The Fresh Loaf

News & Information for Amateur Bakers and Artisan Bread Enthusiasts


Abigail's picture

Yesterday I made Rose Beranbaum's Cracked Wheat Bread, everything went well until I slashed the risen loaf, which promptly subsided to half the size. I baked it and now I have another paving brick. What can I do to prevent this happening again.

Srishti's picture

Hi all,

I think it was about time I shared some pictures of some of my disasters (which are increasingly getting better.)

12/02/2006: Whole Wheat. These breads are kinda sourdoughs... I starter only sat for 3 days, I do remember there were some bubbles, but I doubt it was a fully functional starter. Despite of that loaves rose a lot when proofed overnight and had a tremendous oven-spring! (At that time I didn't know what the terms proofing and oven-spring meant ;) The crust was a bit dry but the loaves were good and kept a long time if I remember right. You can see the "tunnel where the baker (that would be me) sleeps" as Peter Rinehart would say. Ha.....

 01/11/2007: Whole Wheat. My first NYT No-knead bread. Yeasted and whole wheat. Beautiful and crisp crust. No-holes in the crumb though :-(  Though I think that is the best looking bread I have ever made. I like baking in the covered lay pot which you can see in the background.

 01/14/2007: Whole wheat. Yeasted. with flax and sunflower seeds and rye flakes. I think the dough didn't develop enough gluten maybe because it wasn't wet enough, and oh, I tried doing Jim's slap and fold (French fold) on this one, which was not so good on this wet, crumbly textured, seeded dough. It wasn't so bad, No holes though. You can see I am complaining about No-Holes.... But I know whole wheat is infamous for that.

 01/19/2007: Whole Rye + Whole Wheat + a cup of white bread flour. Ok, I started making an all rye starter but with the ever increasing volume, and me hating to dump half of it every time, On the 3rd or 4th day of starter I threw everything (2-3 cups) really wet rye levain in the bowl with 3 cups of whole wheat and started kneading it... It was sooooooooo sticky, and I was afraid it wasn't going to rise, I mixed 1/2 tsp of yeast with white and kneaded that in. and baked the whole thing after a few hours.... Well it was so strongly rye.... It was quite good! No holes, of course.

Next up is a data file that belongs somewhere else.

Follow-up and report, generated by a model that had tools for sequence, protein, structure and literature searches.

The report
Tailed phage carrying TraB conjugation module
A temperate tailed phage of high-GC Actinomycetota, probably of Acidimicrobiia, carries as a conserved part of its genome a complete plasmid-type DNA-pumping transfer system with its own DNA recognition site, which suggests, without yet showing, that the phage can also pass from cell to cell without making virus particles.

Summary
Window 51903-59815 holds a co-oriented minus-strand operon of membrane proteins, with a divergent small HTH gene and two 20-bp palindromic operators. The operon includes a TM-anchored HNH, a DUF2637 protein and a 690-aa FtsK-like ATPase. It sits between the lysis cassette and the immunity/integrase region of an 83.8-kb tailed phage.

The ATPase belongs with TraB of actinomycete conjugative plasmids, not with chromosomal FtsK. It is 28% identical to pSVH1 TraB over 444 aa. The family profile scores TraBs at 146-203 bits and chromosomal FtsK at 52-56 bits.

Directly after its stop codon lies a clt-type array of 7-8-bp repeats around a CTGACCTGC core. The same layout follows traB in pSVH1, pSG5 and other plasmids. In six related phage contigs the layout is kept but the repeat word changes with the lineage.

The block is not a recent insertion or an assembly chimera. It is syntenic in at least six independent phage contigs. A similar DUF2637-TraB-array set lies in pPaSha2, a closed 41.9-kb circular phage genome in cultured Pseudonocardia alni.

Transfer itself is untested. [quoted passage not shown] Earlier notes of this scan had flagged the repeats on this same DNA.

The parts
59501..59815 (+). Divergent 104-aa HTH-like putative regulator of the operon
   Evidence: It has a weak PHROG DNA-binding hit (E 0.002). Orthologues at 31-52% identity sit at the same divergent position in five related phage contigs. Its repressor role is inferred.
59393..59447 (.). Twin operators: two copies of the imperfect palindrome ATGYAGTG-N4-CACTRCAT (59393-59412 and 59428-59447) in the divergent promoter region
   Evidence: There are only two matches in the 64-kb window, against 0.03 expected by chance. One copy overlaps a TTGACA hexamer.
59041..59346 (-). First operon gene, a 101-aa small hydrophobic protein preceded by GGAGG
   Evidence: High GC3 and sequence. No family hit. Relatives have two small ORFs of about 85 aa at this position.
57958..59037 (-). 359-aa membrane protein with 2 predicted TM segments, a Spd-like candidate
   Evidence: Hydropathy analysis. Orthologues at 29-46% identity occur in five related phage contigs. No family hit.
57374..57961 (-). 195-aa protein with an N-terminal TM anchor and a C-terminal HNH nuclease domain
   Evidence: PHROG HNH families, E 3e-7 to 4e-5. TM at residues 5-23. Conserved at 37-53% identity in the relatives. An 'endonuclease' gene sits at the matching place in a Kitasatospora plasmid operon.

01/22/2007: All white ha ha Well, now I really wanted to make something from BBA. So here are some French baguettes and epi's. All white and yeasted....made with pate fermente overnight. And guess what, No holes again. It didn't taste like much either.... So I don't think I'd doing any white baking anymore.... except for cakes, cookied etc. I feel better on the real stuff.

01/26/2007: Sourdough Whole Wheat NYT No-knead I finally made a real starter from SourDoLady's Orange Juice starter and so I named him OJ. So here is the first creation from OJ. A no-knead whole wheat, sourdough bread baked in my favorite pot :) which I baked today. It was nice and sour and really moist and flavourful. I put in 2 cups of wet whole wheat starter with 2 cups whole wheat flour and a cup of water + flax seeds + freshly tamari roasted sunflower seeds, mixed it up and let it rise for 16 hours, folded it and benched it a couple more hours. It turned out really well, and even had traces of holes in it... Yoo Hoooo.

So that's all the pics I have so far... I'll keep posting them here and keep youall updated.

Thanks again to all Floyd, SourdoLady, Jim..... amd so many others


pmccool's picture

Since we had a big Italian dinner lined up with friends last weekend, I volunteered to bring bread.  One, it gave me a chance to try the Italian Bread formula from BBA; two, I decided to take another crack at ciabatta, also from BBA; and three, these people love homemade bread.

The Italian bread was pretty straightforward--and delicious.  Here's a photo:

The crumb was fairly close-textured and chewy, but not tough.  Great flavor, too, from the biga's overnight ferment in the refrigerator.  Gotta work on the slashing, though.  The loaf on the right came out pretty well, but the one on the left was definitely off the mark.